Twitter’s taking another step forward in its experiments with new ways to customize your tweet experience, by utilizing different algorithms to highlight content more suited to your interests.
As you can see in this screenshot, Twitter has launched a new custom timeline for TV show ‘The Bachelorette’, which will enable selected fans to follow along with topic-specific tweets, via an alternate news feed in the app.
The Bachelorette timeline, created in partnership with ABC, will be available to a small group of people in the US and Canada for 10 weeks, the duration of the show’s season. Some users who already follow topics and handles related to The Bachelorette will be prompted to add the new timeline, which will provide an easier way to stay on top of related conversation in the app.
Twitter’s still developing its custom timeline approach, which will eventually see third-party providers able to create their own tweet feeds, which they can then curate – manually or automatically – to help maximize engagement around certain topics.
As outlined by Twitter:
“Custom Timelines are curated feeds. These feeds may be created by third-parties who select and provide content around interests and events, or by Twitter based on general insights. For example, the Popular Videos Timeline created by Twitter, uses similar information to how we select topics to populate and order video content.”
The streamlined topic navigation, with alternate feeds accessible via a left swipe, will make it easier to stay up with topics of interest, as opposed to having to look up hashtag feeds yourself. Hashtag feeds also won’t be as customized as these lists, as those feeds are just a bulk load of all the tweets that include your chosen term.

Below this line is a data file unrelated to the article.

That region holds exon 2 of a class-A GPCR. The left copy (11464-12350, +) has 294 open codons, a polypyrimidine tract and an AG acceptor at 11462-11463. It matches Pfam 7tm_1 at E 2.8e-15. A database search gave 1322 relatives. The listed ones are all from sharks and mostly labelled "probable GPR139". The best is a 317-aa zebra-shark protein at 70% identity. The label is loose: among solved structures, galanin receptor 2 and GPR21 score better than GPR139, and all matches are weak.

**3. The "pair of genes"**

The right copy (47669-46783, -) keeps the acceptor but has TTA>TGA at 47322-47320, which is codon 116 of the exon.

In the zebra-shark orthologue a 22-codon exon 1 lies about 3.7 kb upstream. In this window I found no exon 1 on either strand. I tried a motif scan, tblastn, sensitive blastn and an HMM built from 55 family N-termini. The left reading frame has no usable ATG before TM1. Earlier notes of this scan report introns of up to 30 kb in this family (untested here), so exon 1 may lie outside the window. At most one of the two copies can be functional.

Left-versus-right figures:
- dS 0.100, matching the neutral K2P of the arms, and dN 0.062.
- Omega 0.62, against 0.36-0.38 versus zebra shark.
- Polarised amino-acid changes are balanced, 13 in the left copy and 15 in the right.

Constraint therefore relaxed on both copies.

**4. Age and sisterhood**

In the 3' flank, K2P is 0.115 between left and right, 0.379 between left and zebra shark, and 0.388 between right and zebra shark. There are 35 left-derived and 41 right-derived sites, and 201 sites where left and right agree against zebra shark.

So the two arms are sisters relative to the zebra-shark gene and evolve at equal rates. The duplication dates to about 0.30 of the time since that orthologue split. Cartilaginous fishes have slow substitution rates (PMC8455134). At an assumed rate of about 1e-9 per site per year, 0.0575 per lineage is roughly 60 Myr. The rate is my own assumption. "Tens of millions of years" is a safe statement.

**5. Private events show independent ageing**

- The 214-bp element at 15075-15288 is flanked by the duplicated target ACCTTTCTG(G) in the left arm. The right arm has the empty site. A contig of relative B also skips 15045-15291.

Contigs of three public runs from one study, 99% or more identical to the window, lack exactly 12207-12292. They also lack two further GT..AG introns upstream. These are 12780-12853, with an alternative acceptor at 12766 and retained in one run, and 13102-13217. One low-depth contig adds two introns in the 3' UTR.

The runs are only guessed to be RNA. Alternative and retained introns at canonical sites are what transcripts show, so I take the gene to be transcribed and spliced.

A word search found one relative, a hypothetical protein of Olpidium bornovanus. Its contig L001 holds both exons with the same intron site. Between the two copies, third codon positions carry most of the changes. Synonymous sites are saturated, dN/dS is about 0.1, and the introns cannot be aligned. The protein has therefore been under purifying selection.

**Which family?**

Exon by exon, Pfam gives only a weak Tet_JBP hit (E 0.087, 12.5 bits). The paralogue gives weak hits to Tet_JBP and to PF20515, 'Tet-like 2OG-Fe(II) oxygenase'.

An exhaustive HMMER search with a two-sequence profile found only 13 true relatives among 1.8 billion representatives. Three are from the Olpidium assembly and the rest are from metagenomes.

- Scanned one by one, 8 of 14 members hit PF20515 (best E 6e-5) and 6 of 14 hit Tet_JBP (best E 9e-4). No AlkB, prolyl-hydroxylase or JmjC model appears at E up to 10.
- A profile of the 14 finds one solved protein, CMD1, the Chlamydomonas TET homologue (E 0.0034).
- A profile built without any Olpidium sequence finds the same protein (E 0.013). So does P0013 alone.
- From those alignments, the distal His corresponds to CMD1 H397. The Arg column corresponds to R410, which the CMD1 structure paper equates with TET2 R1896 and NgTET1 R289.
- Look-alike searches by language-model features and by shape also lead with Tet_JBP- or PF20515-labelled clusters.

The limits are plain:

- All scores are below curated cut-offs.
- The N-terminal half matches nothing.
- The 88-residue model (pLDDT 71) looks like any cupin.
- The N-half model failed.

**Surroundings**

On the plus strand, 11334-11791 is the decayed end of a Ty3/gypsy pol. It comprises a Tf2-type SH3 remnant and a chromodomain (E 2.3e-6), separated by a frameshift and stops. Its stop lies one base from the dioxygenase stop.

Custom Timelines are built with their own algorithmic parameters, which will make them an entirely unique experience in each display.
Interestingly, former Twitter CEO Jack Dorsey endorsed pretty much this exact approach to timeline management last August, when he outlined how he uses third-party tool ‘Vicariously’ to curate a stream of the latest tweets.
Which, at the time, seemed odd. If this is a significant enough UI problem in the app that you’re in charge of, why not fix it internally, and provide a better user experience?
In fairness, Twitter has provided various options to pin alternative feeds already, including a ‘Latest tweets’ timeline, making it easier to switch between different feed displays.
But this new process expands the potential of this process, by enabling companies and individuals outside of Twitter to create and curate entirely new feeds.
It’s early days yet, and there are still various factors that Twitter will need to build in to facilitate full algorithmic functionality within these swipeable streams. But it is one of the projects that Twitter is looking to develop, and one which potentially incoming chief Elon Musk is also keen on, based on his tweets.